Deserted medieval village of North Thorne.
Reasons for Designation
The village, comprising a small group of houses, gardens, yards, streets, paddocks, often with a green, a manor and a church, and with a community devoted primarily to agriculture, was a significant component of the rural landscape in most areas of medieval England, much as it is today. Villages provided some services to the local community and acted as the main focal point of ecclesiastical, and often of manorial, administration within each parish. Although the sites of many of these villages have been occupied continuously down to the present day, many others declined in size or were abandoned throughout the medieval and post-medieval periods, particularly during the 14th and 15th centuries. As a result over 2000 deserted medieval villages are recorded nationally. The reasons for desertion were varied but often reflected declining economic viability, changes in land use such as enclosure or emparkment, or population fluctuations as a result of widespread epidemics such as the Black Death. As a consequence of their abandonment these villages are frequently undisturbed by later occupation and contain well-preserved archaeological deposits. Because they are a common and long-lived monument type in most parts of England, they provide important information on the diversity of medieval settlement patterns and farming economy between the regions and through time.
The deserted medieval village of North Thorne survives well and will contain important archaeological and environmental evidence relating to its construction, use, development, building techniques, agricultural practices and abandonment as well as its general landscape context.
This record was the subject of a minor enhancement on 10 November 2015. The record has been generated from an "old county number" (OCN) scheduling record. These are monuments that were not reviewed under the Monuments Protection Programme and are some of our oldest designation records.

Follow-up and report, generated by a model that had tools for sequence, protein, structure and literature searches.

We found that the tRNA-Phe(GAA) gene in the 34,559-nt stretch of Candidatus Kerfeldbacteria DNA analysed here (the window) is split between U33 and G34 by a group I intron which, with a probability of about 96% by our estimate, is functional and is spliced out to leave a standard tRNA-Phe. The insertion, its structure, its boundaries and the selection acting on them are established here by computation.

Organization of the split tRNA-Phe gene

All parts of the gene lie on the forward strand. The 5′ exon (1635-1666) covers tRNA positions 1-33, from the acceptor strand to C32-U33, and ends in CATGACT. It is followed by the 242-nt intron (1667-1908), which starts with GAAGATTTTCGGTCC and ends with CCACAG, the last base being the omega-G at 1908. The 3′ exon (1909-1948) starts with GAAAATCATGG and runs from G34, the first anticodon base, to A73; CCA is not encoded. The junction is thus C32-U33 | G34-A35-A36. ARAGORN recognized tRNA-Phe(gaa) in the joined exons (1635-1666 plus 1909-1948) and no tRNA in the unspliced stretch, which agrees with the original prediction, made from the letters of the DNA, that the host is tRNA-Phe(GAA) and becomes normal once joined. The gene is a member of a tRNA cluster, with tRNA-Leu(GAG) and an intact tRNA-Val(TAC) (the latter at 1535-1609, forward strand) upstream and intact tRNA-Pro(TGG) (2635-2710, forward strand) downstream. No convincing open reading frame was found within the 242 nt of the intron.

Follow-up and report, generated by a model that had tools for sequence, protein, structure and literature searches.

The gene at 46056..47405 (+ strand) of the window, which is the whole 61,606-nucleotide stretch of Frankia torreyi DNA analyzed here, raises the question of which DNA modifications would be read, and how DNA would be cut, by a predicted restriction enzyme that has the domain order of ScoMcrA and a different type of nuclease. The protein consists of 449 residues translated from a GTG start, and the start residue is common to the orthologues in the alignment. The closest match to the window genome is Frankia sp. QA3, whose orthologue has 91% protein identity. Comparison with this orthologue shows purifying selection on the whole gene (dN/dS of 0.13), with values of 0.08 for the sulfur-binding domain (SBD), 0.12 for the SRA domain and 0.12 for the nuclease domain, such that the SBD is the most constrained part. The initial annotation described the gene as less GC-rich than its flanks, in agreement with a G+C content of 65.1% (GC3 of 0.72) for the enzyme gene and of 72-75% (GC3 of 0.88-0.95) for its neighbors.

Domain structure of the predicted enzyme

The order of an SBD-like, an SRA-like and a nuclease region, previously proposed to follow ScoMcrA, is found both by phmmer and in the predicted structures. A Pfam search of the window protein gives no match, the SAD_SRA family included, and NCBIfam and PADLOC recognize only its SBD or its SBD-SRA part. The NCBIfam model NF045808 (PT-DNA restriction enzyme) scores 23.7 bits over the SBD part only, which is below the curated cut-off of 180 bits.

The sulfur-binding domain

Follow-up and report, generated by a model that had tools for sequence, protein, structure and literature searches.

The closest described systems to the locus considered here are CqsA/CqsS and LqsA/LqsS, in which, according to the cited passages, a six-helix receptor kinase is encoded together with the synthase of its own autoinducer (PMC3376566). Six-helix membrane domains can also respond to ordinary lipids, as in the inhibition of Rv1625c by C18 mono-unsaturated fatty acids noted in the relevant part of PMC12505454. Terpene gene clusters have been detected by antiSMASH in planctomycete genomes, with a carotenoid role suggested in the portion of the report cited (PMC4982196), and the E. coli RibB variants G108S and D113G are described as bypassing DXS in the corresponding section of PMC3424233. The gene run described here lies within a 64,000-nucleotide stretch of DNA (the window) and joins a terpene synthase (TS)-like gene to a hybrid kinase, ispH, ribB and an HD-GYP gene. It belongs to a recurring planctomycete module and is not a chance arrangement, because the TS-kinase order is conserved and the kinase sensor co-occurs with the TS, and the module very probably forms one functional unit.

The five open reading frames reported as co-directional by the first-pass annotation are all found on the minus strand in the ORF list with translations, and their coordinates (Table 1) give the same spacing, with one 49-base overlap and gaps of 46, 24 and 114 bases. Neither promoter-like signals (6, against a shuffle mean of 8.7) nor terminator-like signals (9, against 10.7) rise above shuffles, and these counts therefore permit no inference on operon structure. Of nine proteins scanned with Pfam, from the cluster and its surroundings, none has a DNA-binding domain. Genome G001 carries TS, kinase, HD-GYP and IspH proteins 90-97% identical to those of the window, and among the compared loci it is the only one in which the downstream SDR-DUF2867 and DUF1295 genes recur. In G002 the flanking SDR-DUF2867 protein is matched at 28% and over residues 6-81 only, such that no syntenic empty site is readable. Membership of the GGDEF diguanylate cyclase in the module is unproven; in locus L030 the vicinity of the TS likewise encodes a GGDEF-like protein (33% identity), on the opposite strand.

The monument includes the deserted medieval village of North Thorne situated on a gentle west facing slope above the valley of a tributary to the River Yeo. The village survives as a series of earthworks and buried layers, deposits and structures. There are approximately nine rectangular house platforms, intersecting hollow ways and paddocks. In the western corner is a pound-like structure and there is also a spring. Partial excavations in 1959 uncovered a long house built of cob on stone footings with a cob dividing wall set on bedrock. There were also the remains of a doorway and hearth. Further excavations in 1960 located a ‘major building’ constructed in the same way as the first but this seemed to have the remains of burnt thatch on the floor and contained both glazed and unglazed 13th to 14th century pottery. The village was probably abandoned during the 14th century. There is no specific documentary evidence relating to North Thorne except a mention on the 1840 tithe map. It is thought to have been one of the three unnamed estates annexed to the Manor of Bratons shortly after the Norman Conquest.
The extent of the hollow ways and ridge and furrow in the associated fields immediately surrounding the village are clearly shown on aerial photographs, but all of these features are not included in the scheduling because they have not been formally assessed.